In a community near Aspen, CO neighbors in a nearby residential neighborhood complained about the stink from a high tech marijuana greenhouse for months stating that they couldn’t enjoy outdoor activities or open their windows. It was only resolved after the grower installed new carbon filters at a cost of close to seven figures  and the county hired an odor monitor to monitor the odor in the air.

Community discord and lawsuits

Some landowners have resorted to suing neighboring marijuana farms complaining that that their quality of life has decreased and the value of their property has been diminished due to the nearby marijuana operation.

In Oregon, landowners have sued neighboring licensed pot operations complaining that their quality of life has decreased due to the stink, noise from diesel generators, loud barking of guard dogs that spook their horses, trash along the road and loud traffic along a quiet private road.

Colorado landowners sued a neighboring marijuana business alleging that the obnoxious odors affected their enjoyment of their land and the adjacent indoor marijuana grow operation reduced their property value.

We can risk taking this industry in, and then having to sue for compliance later, or we can simply say NO, now.   

Decrease in property values

Most of the potential HMB marijuana farm locations are less than a mile from residential neighborhoods which could result in a decline in property values. 

A study of Colorado home prices showed that prices of homes within a half mile of a “grow house” are 8.4% lower than the county average.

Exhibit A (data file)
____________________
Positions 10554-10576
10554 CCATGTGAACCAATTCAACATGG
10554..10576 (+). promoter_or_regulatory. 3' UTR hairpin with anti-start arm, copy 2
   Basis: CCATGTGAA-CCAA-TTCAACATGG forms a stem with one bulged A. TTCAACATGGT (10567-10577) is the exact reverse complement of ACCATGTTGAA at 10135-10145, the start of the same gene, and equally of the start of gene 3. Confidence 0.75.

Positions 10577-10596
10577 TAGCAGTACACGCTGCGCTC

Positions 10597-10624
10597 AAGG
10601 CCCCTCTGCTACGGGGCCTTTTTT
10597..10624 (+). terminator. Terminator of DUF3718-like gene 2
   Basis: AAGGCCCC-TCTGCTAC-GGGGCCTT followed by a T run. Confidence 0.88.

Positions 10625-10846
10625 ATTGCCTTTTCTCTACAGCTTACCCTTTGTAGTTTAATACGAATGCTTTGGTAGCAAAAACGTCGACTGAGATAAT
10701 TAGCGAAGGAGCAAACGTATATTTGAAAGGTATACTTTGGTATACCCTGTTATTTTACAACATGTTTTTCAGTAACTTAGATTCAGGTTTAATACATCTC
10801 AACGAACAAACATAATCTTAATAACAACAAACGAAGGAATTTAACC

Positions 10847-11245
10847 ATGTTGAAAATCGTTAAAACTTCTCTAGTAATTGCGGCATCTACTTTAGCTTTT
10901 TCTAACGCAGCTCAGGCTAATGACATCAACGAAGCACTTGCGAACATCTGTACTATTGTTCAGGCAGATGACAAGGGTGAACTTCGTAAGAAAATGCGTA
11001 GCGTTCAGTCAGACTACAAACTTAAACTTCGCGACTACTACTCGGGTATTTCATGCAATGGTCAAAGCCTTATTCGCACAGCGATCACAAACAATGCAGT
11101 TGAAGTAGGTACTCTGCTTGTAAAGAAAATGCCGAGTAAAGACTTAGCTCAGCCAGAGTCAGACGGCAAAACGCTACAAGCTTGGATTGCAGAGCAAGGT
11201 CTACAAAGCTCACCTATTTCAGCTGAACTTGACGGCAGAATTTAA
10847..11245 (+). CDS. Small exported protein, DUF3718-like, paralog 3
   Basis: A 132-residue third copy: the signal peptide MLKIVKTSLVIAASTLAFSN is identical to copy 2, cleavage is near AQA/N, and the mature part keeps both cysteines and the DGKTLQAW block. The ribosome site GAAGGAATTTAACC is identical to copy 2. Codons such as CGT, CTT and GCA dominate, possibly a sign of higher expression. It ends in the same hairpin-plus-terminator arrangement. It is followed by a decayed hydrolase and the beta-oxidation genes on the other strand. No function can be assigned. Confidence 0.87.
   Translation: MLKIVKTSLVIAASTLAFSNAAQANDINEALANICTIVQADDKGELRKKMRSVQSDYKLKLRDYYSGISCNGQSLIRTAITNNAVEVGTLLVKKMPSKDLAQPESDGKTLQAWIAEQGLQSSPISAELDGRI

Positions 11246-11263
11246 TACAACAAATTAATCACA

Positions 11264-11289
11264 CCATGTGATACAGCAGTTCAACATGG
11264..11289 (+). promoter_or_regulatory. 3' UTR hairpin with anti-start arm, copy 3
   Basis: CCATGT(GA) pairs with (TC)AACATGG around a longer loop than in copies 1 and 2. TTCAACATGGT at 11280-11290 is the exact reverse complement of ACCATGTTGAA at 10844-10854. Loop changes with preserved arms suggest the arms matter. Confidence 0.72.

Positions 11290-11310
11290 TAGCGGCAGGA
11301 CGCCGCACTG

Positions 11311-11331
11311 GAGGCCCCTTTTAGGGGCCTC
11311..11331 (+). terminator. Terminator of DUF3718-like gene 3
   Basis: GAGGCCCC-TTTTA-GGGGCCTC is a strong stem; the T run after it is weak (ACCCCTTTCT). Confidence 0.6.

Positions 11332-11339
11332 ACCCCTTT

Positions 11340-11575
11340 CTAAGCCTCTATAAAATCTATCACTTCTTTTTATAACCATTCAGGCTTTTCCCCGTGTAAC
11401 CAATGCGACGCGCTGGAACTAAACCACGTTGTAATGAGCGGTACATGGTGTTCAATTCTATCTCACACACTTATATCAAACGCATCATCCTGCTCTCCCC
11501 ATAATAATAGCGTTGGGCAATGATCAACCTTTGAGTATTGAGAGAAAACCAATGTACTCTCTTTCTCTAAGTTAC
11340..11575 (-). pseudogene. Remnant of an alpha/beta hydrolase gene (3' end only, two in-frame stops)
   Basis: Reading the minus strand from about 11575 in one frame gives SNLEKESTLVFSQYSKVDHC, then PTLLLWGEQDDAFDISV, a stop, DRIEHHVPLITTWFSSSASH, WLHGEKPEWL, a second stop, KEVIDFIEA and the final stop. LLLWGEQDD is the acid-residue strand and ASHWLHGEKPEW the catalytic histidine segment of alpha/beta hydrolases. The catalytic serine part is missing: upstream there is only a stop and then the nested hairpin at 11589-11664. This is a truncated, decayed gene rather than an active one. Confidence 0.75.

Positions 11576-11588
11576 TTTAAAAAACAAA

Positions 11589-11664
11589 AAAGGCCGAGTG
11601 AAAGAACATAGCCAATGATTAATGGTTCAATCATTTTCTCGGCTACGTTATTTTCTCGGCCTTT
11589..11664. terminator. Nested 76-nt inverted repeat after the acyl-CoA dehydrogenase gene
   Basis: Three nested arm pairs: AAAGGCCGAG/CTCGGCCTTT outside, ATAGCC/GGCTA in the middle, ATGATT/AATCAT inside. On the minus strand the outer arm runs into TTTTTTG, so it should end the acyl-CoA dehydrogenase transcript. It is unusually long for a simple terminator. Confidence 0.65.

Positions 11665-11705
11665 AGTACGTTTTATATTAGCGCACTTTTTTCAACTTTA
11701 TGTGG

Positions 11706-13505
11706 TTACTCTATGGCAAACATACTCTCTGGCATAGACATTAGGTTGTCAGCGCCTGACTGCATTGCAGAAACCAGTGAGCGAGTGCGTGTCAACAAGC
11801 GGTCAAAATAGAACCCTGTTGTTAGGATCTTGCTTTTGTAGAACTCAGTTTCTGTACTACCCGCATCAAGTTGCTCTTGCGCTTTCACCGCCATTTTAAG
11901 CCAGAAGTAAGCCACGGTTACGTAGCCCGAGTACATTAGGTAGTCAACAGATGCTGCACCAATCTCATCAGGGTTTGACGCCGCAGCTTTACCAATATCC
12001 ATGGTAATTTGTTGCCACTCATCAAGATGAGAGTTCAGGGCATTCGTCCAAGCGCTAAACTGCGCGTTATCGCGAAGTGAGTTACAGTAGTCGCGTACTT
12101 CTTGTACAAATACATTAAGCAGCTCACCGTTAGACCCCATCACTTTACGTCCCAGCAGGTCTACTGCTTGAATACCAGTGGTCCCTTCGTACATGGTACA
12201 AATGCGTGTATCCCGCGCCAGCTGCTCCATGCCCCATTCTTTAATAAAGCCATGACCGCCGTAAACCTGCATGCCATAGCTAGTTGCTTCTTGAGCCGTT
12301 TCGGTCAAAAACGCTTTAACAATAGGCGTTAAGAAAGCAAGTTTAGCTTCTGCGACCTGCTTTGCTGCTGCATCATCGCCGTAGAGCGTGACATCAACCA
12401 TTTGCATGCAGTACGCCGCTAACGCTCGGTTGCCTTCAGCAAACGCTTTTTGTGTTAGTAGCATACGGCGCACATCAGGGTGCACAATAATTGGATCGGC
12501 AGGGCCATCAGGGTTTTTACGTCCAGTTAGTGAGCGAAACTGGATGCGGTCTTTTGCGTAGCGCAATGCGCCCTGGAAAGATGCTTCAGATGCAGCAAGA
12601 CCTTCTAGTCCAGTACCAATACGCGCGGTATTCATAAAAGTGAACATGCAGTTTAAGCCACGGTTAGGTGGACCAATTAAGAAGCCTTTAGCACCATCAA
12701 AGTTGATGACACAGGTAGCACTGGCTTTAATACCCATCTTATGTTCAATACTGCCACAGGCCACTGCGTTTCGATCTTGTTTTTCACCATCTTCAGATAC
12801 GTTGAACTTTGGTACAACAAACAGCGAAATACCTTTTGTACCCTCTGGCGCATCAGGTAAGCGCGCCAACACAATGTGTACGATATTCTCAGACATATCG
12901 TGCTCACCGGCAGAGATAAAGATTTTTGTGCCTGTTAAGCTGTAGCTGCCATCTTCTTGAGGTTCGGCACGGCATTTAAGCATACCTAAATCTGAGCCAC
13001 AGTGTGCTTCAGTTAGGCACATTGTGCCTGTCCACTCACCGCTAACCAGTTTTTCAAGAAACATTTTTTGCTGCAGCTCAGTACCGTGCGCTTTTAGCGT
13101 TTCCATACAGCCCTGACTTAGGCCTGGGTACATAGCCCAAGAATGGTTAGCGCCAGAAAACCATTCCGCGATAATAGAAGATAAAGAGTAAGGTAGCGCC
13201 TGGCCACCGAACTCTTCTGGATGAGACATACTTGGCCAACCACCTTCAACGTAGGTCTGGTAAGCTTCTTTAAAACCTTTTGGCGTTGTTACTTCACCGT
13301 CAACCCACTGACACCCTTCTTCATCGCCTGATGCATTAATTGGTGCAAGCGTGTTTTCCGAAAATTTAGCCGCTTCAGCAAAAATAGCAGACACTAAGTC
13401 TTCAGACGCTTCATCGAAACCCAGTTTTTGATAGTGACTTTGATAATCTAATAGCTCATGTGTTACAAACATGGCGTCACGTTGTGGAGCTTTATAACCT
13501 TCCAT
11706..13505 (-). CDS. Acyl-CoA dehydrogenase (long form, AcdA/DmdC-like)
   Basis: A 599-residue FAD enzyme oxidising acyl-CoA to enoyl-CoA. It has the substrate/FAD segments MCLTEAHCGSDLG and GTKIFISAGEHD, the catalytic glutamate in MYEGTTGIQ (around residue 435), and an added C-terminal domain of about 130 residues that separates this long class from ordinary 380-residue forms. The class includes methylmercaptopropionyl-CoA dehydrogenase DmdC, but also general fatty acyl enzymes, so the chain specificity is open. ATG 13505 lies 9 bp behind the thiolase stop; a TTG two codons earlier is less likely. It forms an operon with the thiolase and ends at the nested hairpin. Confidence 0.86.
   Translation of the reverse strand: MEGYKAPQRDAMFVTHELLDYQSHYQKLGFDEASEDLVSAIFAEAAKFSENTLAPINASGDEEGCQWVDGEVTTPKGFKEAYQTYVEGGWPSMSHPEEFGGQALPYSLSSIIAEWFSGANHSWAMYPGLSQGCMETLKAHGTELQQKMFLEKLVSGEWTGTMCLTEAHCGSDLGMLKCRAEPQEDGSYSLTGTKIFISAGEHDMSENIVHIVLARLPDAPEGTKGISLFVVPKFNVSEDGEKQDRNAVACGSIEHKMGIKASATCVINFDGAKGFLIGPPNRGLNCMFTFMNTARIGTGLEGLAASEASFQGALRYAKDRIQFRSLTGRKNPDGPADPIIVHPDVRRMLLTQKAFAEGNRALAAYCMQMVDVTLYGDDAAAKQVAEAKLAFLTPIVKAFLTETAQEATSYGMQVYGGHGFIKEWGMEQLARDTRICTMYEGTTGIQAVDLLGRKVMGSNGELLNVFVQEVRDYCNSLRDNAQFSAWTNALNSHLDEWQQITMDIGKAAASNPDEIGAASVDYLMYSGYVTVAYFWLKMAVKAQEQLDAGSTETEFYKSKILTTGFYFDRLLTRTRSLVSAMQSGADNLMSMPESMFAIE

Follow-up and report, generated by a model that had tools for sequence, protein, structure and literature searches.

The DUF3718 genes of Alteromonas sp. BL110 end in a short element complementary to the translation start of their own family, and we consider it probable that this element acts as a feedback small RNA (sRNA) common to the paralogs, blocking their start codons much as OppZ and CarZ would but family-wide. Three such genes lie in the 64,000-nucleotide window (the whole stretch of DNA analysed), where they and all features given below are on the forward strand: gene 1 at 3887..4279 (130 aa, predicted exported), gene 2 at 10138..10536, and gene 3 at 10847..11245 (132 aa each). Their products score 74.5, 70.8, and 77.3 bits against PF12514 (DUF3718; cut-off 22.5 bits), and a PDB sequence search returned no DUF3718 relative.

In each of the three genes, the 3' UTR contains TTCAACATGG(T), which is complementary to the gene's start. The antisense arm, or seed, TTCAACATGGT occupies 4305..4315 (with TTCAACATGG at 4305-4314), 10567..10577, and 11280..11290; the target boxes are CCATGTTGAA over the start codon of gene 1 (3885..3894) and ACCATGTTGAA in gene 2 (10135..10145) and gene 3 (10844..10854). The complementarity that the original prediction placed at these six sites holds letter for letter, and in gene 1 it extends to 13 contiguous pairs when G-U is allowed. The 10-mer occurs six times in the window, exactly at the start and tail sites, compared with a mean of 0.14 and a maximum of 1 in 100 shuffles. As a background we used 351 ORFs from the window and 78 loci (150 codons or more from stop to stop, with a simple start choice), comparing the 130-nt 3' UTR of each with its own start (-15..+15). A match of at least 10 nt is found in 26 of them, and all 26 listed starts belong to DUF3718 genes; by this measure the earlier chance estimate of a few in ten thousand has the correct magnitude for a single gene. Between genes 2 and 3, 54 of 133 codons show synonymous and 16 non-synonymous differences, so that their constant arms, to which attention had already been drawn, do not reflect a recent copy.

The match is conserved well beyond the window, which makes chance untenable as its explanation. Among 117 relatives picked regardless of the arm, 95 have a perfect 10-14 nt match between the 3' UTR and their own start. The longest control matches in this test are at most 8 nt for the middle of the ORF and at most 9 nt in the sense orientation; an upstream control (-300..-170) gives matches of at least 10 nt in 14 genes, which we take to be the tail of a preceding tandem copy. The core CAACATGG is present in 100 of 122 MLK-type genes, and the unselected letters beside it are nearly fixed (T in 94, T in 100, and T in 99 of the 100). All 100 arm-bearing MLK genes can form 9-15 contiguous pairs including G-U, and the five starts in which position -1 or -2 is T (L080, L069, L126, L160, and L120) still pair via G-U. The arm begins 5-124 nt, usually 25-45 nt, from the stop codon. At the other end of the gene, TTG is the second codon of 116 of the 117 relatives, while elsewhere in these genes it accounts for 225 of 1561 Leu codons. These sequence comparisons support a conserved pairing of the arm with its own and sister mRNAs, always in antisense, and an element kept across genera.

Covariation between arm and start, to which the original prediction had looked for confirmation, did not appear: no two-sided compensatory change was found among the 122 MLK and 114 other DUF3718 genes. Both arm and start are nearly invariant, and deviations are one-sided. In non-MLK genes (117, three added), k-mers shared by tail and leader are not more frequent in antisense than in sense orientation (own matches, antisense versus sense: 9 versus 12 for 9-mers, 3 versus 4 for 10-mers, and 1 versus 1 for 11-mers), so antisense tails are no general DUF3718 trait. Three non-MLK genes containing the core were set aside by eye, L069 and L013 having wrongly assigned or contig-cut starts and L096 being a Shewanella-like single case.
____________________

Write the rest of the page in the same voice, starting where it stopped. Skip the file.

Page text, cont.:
A recent article in the Sacramento Bee suggested that the proximity of a grow facility would have to be disclosed in a home sale and speculated that it could decrease a home’s value.

Increased risk of impaired drivers on our roads

With marijuana related accidents on the rise, our tourist oriented town can expect to see an increase in pot DUIs and accidents if visitors are able to purchase marijuana products here.

Since January 2018, the Bay Area has seen its fair share of horrific or fatal crashes that have shut down roads and highways. Most recently, California State Controller Betty Yee, her husband and CHP driver were injured in a crash that shut down the Posey Tube for 1 ½ hours, when their stopped unmarked state vehicle was rear ended by a driver under the influence of marijuana.

In May, three people died in a five vehicle crash that shut down Highway 880 for almost 8 hours, caused by a driver suspected to be driving under the influence of marijuana.

In the nine county Bay Area region in 2017, there were 22 traffic collisions with property damage and a pot-only DUI arrest and 7 with an injury and a pot-only DUI arrest. When alcohol and pot were involved, injury collisions jumped to 24 and there were 7 fatal collisions.

According to Sergeant Rob Nacke, spokesman for CHPs Golden Gate District, if the trend since 2017 continues, 2018 could see a 70 percent rise in pot DUI arrests.

This reflects the trends in other states where marijuana has been legalizedMarijuana related traffic deaths increased 66% in the four year average (2013-16) since Colorado legalized recreational marijuana compared to the four year average before legalization.

According to the Highway Loss Data Institute, the number of vehicle collision claims since marijuana was legalized has increased 16% in Colorado, 6.2% in Washington and 4.5% in Oregon.

Bringing the marijuana industry into Half Moon Bay increases the opportunity for residents and visitors to smoke, ingest and drive, encouraging erratic and reckless driving on our already congested roads.


Vote NO on Measures GG, EE, SS & MM — it’s not a good idea for Half Moon Bay!